Despite her strange interview with Anderson Cooper – in which she said that she wasn’t ravaged and it wasn’t like she was attacked and that rape might not be the right word for what happened to her and that it is identified with sexuality and sexual fantasies – E. Jean Carroll’s increasingly shaky allegation that President Trump raped her 23 years ago in an exclusive New York City department store still has solid support in the mainstream media.
“Carroll’s allegation is credible,” flatly stated Aaron Rupar of Vox in “Republican responses to the new assault allegation against Trump are both predictable and sad” – subhead: “’I know that she’s selling a book.’”
Although Carroll declined to “use the word you used” – rape – in her appearance on Anderson Cooper 360 in an interview that grew so bizarre the host called for a commercial break to allow the guest to get it together, she said she told two close friends about it when it happened back in the mid-1990s, and New York magazine said it confirmed the two friends had heard the story.”
What’s crazy to Rupar is that, after all the country went through with the Brett Kavanaugh hearings and multiple women having been found to have lied to hurt his chances of being nominated, Republicans don’t immediately accept the advice columnist’s word about something that happened 23 years ago.
“Despite the credibility of Carroll’s allegation, all the other accusations against Trump, and the fact that the president infamously bragged in a hot mic recorded released just before the 2016 election about groping women in a manner eerily similar to how Carroll alleged he assaulted her, Republicans are still standing by their man,” Rupar wrote.
There has never been any evidence Trump ever did what he described on the infamous Billy Bush tape, which was leaked on the day of one of his presidential debates with Hillary Clinton.
Rupar takes Republican senators to task for not either leaping to the president’s defense or rejecting the charges. He points to quotes from Lamar Alexander of Tennessee and John Cornyn of Texas that they have no comment on the matter, to comments from Cory Gardner of Colorado and Pat Toomey of Pennsylvania that they have not heard about it and from James Lankford of Oklahoma that “I don’t even want to get into believable or not believable. I know that she’s selling a book.”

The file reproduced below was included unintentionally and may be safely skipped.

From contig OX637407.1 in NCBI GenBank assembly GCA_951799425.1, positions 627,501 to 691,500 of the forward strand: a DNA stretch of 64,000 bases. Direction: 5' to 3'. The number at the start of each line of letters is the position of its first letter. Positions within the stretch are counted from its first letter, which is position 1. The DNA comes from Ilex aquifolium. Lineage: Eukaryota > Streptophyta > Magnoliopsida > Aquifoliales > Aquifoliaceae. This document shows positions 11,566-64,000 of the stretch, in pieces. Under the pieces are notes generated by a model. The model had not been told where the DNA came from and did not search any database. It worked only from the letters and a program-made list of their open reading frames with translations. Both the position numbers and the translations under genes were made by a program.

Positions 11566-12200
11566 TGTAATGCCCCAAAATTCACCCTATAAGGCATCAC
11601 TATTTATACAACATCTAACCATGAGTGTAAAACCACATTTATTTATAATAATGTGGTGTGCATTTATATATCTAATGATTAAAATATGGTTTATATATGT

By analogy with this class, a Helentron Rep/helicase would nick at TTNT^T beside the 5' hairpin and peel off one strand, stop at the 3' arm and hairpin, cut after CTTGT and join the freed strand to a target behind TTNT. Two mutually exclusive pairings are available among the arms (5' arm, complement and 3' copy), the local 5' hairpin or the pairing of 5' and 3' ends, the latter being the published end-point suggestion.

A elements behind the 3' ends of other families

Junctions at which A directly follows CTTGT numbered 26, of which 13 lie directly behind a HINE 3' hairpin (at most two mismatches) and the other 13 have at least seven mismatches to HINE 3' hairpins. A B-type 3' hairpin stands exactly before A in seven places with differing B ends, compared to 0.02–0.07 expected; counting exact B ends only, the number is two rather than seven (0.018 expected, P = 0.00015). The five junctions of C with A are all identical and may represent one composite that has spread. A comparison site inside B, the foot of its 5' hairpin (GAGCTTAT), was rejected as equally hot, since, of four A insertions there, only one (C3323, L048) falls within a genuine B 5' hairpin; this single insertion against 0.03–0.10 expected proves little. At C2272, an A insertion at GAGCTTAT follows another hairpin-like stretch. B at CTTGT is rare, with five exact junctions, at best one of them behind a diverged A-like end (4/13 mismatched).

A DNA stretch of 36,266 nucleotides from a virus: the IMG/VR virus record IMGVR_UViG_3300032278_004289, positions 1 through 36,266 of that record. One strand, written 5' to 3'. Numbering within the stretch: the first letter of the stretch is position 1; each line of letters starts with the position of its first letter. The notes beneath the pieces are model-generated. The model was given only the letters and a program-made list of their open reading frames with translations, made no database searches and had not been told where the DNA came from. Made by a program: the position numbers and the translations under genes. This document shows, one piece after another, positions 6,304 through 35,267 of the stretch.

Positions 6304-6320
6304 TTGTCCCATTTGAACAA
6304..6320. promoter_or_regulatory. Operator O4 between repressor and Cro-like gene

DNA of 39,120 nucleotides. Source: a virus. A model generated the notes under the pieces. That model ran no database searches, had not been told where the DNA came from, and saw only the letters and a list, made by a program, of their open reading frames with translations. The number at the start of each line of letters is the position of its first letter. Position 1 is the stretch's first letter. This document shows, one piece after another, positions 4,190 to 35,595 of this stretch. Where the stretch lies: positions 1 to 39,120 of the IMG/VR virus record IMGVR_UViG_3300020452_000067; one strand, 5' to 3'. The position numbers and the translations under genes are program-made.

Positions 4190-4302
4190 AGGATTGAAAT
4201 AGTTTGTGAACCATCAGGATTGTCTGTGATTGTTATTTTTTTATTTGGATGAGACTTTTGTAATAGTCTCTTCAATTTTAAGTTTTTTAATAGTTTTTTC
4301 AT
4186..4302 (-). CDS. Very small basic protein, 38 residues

But he failed to note, as Time magazine did, that Democrats were not exactly crowing about this either.
“It’s been three days since the writer E. Jean Carroll accused President Donald Trump of rape, but the allegation has caused barely a ripple in the 2020 campaign,” wrote Charlotte Alter of Time under the headline “Why 2020 Democrats Aren’t Highlighting the Rape Allegation Against Trump.”
The candidates issued statements “expressing the usual sentiments: shock, disgust, calls for investigations,” Alter wrote. “Yet the allegation against the president of the United States has not shifted the dynamics of the 2020 race, and most of the Democratic candidates responded with the bare minimum of condemnation.”
Alter went on to say “The muted response sent a loud message: even in a post-Me Too era, Democratic candidates don’t believe condemning the president’s alleged sexual crimes is a winning political issue.”
The candidates, she wrote, “are busy prepping their talking points [for the first debate] about their vision for the future, and don’t want to get sucked into the president’s vortex of accusations and denials.”
Rupar also has recognized there is little energy for taking on Trump with Carroll’s charges, although he insists she is credible.
“But if we didn’t know it already, the Republican reaction indicates that – short of smoking-gun evidence of Trump assaulting someone – no accusation will be credible enough for them to seriously consider breaking with the president,” he wrote.